Poker should be a legitimate competition, whether contested in a licensed casino, played legally online or at a private setting. All law abiding poker players should have a right to enter tournaments at any licensed facility in the USA without arbitrary discrimination or apprehension about the fairness of play or their ability to safely collect their winnings.
These citizens must be guaranteed the ability and right to play for poker`s World Championship; the World Series of Poker Main Event at the Rio Hotel in Las Vegas, owned and controlled by Caesars Entertainment Corp.
Presently, there is no governing body for the "sport"of poker that assures this. The WSOP/Ceasars Entertainment Corp continues to arbitrarily ban any patron they choose for "no cause".
This can no longer be tolerated as the US government has ruled poker to be a legal and taxable entity. All Americans must be guaranteed the right to pursue the livelihood of their choice, protected by our Constitution. Life, liberty and the pursuit of happiness are basic rights.
The LegitPoker.com Sports Challenge brings a focus to these Poker Player Rights for all Americans.
The LegitPoker.com Sports Challenge originated in 2011 and is open to any ranked poker player, with the payout (and entry fee) derived from the lifetime poker earnings of its sponsor, creator and seven year reigning Champion poker pro Andrew Klein (currently over $450,000). $10,000 of this purse is designated to the charity of the event facilitator's choice.
The LegitPoker.com Pro Athlete Challenge is a separate competition, initiated in 2016, that is open to any pro athlete, entertainer or celebrity for a purse of $100,000 (of which $10,000 is directed to charity) with $50,000 on the Sports Challenge component and $50,000 on a heads up poker tournament. The poker will be played at a licensed casino, screened to assure compliance with these Poker Player Rights and all other US laws, in a best two of three match format with a 25 second shot clock to enhance the appeal of televised coverage.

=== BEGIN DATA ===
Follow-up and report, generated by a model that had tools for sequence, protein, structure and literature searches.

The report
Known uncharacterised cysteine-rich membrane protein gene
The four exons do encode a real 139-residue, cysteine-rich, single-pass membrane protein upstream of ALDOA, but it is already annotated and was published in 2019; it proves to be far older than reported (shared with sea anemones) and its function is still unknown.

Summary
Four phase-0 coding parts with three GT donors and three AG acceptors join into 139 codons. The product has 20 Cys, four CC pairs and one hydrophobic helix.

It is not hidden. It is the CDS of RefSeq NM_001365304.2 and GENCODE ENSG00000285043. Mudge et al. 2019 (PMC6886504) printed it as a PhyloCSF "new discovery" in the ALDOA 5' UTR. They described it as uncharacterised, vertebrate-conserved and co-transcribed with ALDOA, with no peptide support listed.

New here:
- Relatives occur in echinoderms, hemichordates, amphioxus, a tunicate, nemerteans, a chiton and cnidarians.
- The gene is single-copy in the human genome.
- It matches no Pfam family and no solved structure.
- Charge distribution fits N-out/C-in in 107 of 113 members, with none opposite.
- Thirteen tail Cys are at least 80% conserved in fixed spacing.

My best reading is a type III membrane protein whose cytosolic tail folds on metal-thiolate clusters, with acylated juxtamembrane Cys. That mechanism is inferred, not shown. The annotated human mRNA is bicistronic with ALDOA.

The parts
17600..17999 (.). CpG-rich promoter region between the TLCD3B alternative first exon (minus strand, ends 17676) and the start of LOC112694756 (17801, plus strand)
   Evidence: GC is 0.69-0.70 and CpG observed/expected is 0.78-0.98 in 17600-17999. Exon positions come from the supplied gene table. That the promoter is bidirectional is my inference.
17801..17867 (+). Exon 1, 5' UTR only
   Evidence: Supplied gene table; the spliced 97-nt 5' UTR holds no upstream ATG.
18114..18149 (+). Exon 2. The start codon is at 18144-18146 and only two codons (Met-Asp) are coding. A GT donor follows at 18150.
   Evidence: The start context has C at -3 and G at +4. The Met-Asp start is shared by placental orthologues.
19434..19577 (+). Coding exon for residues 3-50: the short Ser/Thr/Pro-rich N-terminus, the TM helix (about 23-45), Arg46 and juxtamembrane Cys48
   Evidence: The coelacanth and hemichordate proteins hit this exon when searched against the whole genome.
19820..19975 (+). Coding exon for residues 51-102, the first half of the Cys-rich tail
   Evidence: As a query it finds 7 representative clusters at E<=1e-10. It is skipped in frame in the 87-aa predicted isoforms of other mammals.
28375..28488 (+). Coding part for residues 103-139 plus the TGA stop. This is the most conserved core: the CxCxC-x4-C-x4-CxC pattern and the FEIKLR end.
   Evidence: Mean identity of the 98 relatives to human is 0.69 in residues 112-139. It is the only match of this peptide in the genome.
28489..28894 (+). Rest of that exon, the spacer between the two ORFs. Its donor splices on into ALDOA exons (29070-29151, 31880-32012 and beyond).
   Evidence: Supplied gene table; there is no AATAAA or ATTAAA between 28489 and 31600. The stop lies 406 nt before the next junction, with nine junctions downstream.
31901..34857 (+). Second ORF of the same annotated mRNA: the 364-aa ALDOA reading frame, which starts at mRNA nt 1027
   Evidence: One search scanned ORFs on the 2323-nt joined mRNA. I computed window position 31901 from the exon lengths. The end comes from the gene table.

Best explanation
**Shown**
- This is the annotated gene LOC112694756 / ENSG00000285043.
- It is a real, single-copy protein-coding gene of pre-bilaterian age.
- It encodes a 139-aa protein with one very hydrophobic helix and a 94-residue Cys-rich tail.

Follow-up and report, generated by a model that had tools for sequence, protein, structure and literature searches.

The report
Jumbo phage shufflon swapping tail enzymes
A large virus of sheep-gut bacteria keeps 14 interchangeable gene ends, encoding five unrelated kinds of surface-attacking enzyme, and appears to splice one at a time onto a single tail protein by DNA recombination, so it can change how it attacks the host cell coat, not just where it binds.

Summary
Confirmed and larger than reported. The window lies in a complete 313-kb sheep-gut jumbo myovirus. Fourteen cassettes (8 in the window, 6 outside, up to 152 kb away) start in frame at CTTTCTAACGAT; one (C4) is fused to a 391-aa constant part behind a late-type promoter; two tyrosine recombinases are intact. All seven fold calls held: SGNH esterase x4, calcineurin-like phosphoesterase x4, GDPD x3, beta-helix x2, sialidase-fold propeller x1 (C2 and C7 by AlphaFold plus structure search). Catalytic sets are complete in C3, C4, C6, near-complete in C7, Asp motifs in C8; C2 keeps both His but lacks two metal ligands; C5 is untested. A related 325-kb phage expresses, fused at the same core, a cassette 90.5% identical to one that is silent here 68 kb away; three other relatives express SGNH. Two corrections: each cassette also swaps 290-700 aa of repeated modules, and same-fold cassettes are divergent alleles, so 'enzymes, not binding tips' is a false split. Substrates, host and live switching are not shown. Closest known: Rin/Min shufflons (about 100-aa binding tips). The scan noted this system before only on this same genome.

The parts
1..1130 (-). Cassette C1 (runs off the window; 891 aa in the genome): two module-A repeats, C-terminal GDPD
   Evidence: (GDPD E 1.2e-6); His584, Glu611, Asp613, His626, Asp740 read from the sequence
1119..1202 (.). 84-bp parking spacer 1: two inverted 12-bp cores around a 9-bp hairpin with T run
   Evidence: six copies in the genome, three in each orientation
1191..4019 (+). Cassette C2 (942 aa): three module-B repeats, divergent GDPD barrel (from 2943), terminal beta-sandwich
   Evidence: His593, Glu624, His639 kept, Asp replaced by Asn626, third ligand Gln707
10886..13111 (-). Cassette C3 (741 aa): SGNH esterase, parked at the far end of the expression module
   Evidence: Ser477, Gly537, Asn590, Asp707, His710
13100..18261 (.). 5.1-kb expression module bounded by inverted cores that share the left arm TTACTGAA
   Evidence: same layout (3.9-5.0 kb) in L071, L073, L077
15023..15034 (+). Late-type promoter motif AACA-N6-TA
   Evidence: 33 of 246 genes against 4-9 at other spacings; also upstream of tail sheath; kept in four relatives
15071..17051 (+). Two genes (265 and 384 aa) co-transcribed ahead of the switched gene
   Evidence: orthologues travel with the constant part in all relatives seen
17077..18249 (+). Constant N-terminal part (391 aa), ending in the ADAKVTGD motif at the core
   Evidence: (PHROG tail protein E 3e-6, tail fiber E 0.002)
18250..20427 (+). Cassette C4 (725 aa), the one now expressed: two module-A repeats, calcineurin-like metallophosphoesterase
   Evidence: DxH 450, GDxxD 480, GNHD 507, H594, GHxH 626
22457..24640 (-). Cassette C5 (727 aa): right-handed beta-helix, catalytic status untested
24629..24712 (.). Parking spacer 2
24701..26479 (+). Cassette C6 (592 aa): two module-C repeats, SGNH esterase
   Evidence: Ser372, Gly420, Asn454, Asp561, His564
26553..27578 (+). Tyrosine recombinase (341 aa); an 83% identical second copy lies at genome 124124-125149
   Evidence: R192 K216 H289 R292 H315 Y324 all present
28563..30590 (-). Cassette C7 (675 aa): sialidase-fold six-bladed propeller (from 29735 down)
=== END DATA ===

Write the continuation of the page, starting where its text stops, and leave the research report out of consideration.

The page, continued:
A decade before the pandemic, a #poker player declared himself the "Best Poker Playing Athlete" on Earth.
Still th… https://t.co/O0nRxUUY7W
who's the best athlete of his peers?
Few players under the spectrum of sports covered by ESPN have ever come forward and publicly declared themselves the best all around athlete among their peer group.
Mohammed Ali proclaimed his greatness within boxing then proceeded to back it up. Deion Sanders proved it in football and baseball.
In today’s social media driven world, anything an athlete or celebrity says, tweets or does, is instantly dissected and looked at from every possible angle. To declare themselves the best all-around athlete in their sport, back the claim with a sizeable chunk of cash all the while offering potential challengers a clear path how to dispute it could be potentially devastating to their careers.
So it is no surprise that LeBron James or Aaron Rogers can’t, or simply won’t, claim their dominance over their respective fields of players.
Meet Andrew Klein.
Hardly known outside of Borgata's poker community, this 54-year-old poker player has done just that...claiming to be the ‘Best Poker Playing Athlete’ on the planet for the better part of the last half dozen years.
Klein's late start to his poker career was precipitated by his search for an alternative activity to his active sports life and something where he could heal up from his latest sports injury, a gruesome lower left leg break sustained playing basketball in 2009 that required titanium and total ankle reconstruction. It did not take long before Klein's talents on the felt shone through, notching a fourth place finish in the 2011 Borgata Summer Open Championship for a nearly $60,000 purse in his very first Main Event.
Since that initial score, Klein has become one of the most feared and respected players at the East Coast’s preeminent poker destination, with more than 40 rated results, over a dozen final table appearances and three Borgata Poker Championship trophies all while playing against some of the region and country’s best poker players.